Go forth and absorb!!


References:
www.mayoclinic.com
www.health.gov
www.mckinley.illinois.edu

Is celiac disease a “blessing in disguise?”

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Is celiac a “blessing in disguise?”

Yes, I know, some of you are going to get a little upset about that. But really, think about it.

Having celiac disease makes us EXTREMELY aware of what we put into out bodies. Now the trick becomes making sure that it is high quality nutrition, not processed but “gluten free.” Now, I am not going to say all processed food is bad all the time. Heck no, I indulged in some Honey Nut gluten free Chex cereal after my weight training workout this morning. However, in my opinion that should be an exception.

I am a firm believer that if you eat well 90% of the time, (and that could easily be extended to 80%, keep in mind I am a physique athlete and so personally choose to be a bit stricter) that you can eat pretty well whatever you please the remaining 10-20% of the time. Including ice cream, my personal favorite splurge.
But I digress.

My point is, celiacs can’t chew mindlessly on the breadbasket while waiting for dinner. We can’t grab a pretzel at the movies. We have to THINK before we put food in our mouths. So really-if you’re already thinking about it anyway, why not take a little extra time.

Is what you are putting into your mouth not just gluten free, but free of empty calories? Free of artificial ingredients? Is it full of nutrition?

I was once told by a very wise person:

Everything you put in your mouth takes you one step closer to, or one step further away from your goals.

Which direction are you stepping?

You don’t have to have celiac disease to be sensitive to gluten

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By Dr. John Briffa Aug 13, 2009

Many grains people eat contain gluten, which can cause various gastrointestinal symptoms.

Irritable bowel syndrome (IBS), sometimes referred to as functional bowl disorder (FBD), is characterized by symptoms such as abdominal bloating and discomfort, constipation, and diarrhea. Its cause is often said to be unknown. However, I find two approaches to be effective in combating the symptoms of IBS:

  • Identification and elimination of food triggers.
  • Correction of any underling imbalance in the ecosystem in the gut.

It is possible that any food can trigger IBS symptoms. In my experience, wheat is the No. 1 offender. Sometimes wheat sensitivity is caused by sensitivity to a protein found in wheat (as well as oats, rye, and barley) known as gluten.

In conventional medicine, gluten sensitivity is a recognized condition that is known as celiac disease. This can be tested for using blood tests and biopsies of the lining of the small intestine. If the tests come back positive, celiac disease is diagnosed. If they come back negative, it is often assumed that not only is there no celiac disease, but also there’s no sensitivity to wheat or gluten. But is this really so?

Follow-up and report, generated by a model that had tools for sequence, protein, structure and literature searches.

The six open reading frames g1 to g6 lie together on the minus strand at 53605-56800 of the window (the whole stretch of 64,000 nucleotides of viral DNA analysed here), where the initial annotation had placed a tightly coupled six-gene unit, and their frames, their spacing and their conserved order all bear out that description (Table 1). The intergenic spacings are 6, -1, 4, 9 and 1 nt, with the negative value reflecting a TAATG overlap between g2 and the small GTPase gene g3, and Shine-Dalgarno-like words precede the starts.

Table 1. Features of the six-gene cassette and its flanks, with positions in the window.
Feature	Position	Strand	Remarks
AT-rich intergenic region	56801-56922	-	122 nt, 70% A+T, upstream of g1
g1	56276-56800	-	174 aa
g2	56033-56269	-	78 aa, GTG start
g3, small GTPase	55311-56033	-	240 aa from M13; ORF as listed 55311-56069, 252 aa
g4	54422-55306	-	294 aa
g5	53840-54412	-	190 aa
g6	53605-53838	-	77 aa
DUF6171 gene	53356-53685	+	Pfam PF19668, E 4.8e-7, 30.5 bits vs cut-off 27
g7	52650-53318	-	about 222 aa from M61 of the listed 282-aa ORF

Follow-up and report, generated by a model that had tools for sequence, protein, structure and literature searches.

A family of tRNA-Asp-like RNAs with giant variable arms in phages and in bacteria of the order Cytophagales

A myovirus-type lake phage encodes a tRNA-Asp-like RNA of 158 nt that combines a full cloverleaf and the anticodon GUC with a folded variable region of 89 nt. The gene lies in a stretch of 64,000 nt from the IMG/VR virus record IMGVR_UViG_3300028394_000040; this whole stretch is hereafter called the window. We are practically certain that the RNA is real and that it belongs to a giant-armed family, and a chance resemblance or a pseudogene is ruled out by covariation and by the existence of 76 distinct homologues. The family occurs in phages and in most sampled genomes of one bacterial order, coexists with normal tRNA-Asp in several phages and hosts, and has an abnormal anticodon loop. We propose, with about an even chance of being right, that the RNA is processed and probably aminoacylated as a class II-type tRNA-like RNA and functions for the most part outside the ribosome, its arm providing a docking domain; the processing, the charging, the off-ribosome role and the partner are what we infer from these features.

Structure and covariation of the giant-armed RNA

I have seen over the years many patients who have turned up negative test results for celiac disease, but who nonetheless have IBS symptoms that seem to have a very clear relationship with wheat consumption. Last year, a 4-year-old girl came to my practice whose parents told me she got diarrhea when she ate wheat, but had no diarrhea if she didn’t eat it. The test of celiac disease was negative, and her dietician (with the support of her gastroenterologist) enthusiastically advocated a diet for this child that was full of grain-based foods, including wheat.

What are we to make of individuals who don’t appear to have celiac disease but nonetheless appear to react adversely to wheat? It’s possible that individuals may react to wheat in a way or through mechanisms that are not necessarily related to full-blown celiac disease.

This concept was put forward recently in a paper that appeared in the American Journal of Gastroenterology [1]. Doctors based at McMaster University in Hamilton, Canada, and the Mayo Clinic, Minnesota, United States, put forward the idea that gluten can induce symptoms similar to FBD “even in the absence of fully developed celiac disease.”

In short, just because someone doesn’t have celiac disease, doesn’t mean the bowel symptoms are not due to gluten.

Some people are keen to be tested for food sensitivity, though in my experience, no tests are foolproof. One reason is that the body can react to food through several mechanisms. Let’s imagine that someone has a food sensitivity as a result of an antibody reaction to that food. If the test specifically looks for this antibody, then it’s got a fair chance of picking up the problem. However, if it’s testing for something else, then it’s unlikely to identify the problem.

One simple but often effective way of identifying food sensitivities is to eliminate foods to see if it helps. One problem here is that some individuals are sensitive to a range of foods, and if all of them are not removed, symptoms may persist even though problem foods have been eliminated. To be on the safe side, I tend to recommend that when they take out wheat, they take out other gluten-containing grains and dairy products.

In my experience, the overwhelming majority of IBS sufferers improve dramatically on this regime. Foods can be added back into the diet (about one every two days) to see which foods cause a return of the IBS symptoms.

References:

1. Verdu EF, et al. Between Celiac Disease and Irritable Bowel Syndrome: The “No Man’s Land” of Gluten Sensitivity, American Journal of Gastroenterology, May 19, 2009 [epub ahead of print publication]


Dr. John Briffa is a London-based physician and health writer with an interest in nutrition and natural medicine.

His website is drbriffa.com